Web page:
The Stray Birds
The Stray Birds
If The Stray Birds were going to make another album, there was only one way it would happen: together. The idea was at once a challenge, an ultimatum, and a survival mechanism for a band at the crossroads. Write the record collaboratively, or don’t write it at all. The result is ‘Let It Pass,’ their fourth album and most powerful, personal, and cathartic collection yet. The record charts the trio’s tumultuous emotional journey in the years since the release of their acclaimed 2016 album ‘Magic Fire,’ a period which saw de Vitry and fiddler/guitarist/mandolinist/vocalist Oliver Craven end their romantic relationship while choosing to continue their musical one. Along with bassist/banjoist/vocalist Charlie Muench, the pair had to face down an uncertain future and reevaluate what it meant to create art together.
From the lilting “In My Time” and gentle “Light As A Fire” to the gritty “Miles and Miles” and sentimental “If Time Is Not Enough,” change and continuation are frequent themes on the album, but each track boils down in its own way to an act of growth and healing. Album opener “The Bridge” says it all, with the whole band joining in ecstatic three-part harmony to sing, “Meet me on the bridge / We can watch the water / Meet me on the bridge / Water running under.” Like so much of the album, it’s a cry for empathy and compromise that works on a variety of levels: personal, professional, political. The band takes an unflinching look in the mirror with this record, but it’s not hard to zoom out and hear the parallels here with a divided nation similarly navigating its way through a metaphorical maelstrom.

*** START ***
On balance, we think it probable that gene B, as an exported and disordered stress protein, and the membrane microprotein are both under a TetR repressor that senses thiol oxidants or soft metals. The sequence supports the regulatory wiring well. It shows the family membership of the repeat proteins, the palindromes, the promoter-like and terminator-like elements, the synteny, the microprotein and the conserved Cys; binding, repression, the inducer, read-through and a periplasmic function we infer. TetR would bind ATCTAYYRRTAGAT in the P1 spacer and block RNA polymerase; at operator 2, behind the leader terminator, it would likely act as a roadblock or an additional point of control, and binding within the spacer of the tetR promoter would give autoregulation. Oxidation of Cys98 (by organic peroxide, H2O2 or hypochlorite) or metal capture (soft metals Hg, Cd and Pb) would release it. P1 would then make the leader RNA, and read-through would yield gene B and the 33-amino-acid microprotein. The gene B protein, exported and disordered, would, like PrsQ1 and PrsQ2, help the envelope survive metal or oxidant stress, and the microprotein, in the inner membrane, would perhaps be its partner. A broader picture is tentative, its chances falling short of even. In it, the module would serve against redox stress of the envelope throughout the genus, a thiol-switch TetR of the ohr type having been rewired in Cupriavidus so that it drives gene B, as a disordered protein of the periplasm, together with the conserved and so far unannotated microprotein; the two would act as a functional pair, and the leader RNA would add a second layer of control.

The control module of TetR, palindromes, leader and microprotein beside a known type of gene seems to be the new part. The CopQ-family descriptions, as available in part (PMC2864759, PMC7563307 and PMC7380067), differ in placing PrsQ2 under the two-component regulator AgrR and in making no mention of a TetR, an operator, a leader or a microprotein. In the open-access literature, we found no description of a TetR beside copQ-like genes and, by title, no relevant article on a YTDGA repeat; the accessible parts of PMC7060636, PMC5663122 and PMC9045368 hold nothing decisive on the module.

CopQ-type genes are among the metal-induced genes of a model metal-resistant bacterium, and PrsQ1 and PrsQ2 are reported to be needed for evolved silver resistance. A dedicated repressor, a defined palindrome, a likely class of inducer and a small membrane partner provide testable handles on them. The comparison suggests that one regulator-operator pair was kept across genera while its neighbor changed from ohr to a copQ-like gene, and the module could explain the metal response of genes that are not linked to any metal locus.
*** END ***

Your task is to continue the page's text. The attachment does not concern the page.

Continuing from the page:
Originally hailing from Lancaster, PA, The Stray Birds first broke out in 2012 with their self-titled/self-released debut, which landed among NPR's Top Ten Folk/Americana Albums of the Year and earned the trio major festival performances everywhere from MerleFest to Scotland's Celtic Connections. They followed it up in 2014 with ‘Best Medicine,’ which debuted at #2 on the Billboard Bluegrass chart, and returned two years later with the Larry Campbell-produced ‘Magic Fire,’ which hit #1 and earned an avalanche of critical praise. NPR hailed the band’s “warm harmonies” and “pristine playing,” while Pop Matters heralded the album as “an essential step forward,” and Folk Alley called it “masterfully crafted.”
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